This means that a 30-day fitness challenge could help you get a jumpstart on some of your health-related goals. But Lawrence also cautions that the timeframe for achieving different fitness goals can vary—it can take several months of hard work to build up visible muscle, for example. Factors like the type of exercise you're doing, along with the frequency and intensity of workouts, can also have an impact on the timeframe for achieving results.
That said, exercise can impact your body and mind pretty immediately, even after just one workout. “There are immediate effects that happen to the human body following a single session of exercise, including, but not limited to, improved cognition, reduced anxiety and risk of depression, reduced post exercise blood pressure, as well as being a sleep aid,” says Lawrence.
Bear in mind that noticeable physical changes are almost always a result of a long-term, sustainable exercise routine. A 2015 study from Social Psychological and Personality Science shows that in order for weight loss to be apparent to others, it takes around a 2.93 change in BMI, specifically when it comes to the face.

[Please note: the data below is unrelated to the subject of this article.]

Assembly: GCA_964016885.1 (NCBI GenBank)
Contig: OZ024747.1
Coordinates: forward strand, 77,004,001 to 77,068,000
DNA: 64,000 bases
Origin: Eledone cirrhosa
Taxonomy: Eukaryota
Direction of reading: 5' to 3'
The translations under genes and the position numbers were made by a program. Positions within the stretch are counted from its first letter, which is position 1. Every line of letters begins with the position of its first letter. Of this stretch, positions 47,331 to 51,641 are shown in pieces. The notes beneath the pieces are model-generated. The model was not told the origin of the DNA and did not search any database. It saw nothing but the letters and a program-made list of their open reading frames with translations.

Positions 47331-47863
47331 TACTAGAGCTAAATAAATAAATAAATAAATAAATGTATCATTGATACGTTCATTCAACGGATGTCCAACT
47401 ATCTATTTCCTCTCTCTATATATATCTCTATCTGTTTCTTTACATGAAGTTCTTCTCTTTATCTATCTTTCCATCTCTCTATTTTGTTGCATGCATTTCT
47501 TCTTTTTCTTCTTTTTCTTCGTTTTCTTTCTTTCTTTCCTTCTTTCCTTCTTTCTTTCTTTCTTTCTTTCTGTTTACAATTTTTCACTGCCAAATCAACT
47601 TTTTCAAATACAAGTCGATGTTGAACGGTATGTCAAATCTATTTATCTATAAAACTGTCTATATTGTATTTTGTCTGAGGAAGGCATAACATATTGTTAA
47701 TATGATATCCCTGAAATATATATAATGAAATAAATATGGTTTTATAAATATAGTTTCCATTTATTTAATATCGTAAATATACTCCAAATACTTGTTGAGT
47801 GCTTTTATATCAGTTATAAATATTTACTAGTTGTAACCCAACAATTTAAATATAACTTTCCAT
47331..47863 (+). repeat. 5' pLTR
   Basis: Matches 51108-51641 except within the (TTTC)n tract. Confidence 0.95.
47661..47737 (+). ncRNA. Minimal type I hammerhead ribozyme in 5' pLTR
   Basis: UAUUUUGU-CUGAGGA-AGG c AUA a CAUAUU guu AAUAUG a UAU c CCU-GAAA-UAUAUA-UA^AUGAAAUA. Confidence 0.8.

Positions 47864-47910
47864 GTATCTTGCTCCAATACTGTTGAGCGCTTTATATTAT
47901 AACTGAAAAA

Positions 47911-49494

The big question—and perhaps the most important one—is whether fitness challenges like this can have a positive and lasting impact on your overall health. Could the short-term challenge lead to long-term changes?
Despite the persistent rumor that it takes 21 days to build a habit, a 2009 study in the European Journal of Social Psychology found that it actually takes anywhere between 18 and 254 days to form a new habit. So, while 30 days might be enough for some, it might not cut it for everybody.
Lawrence backs this up: “There is some evidence that 30 days is a good starting point for individuals to get ingrained into an exercise routine to buy into their behavior change needed for health. Once individuals get over the initial hump that was preventing them from changing, hopefully they can maintain that change for the long-term. The ultimate goal needs to be long-term, not short term, but these fitness challenges could certainly provide the starting point for someone to make long-lasting changes for their health.”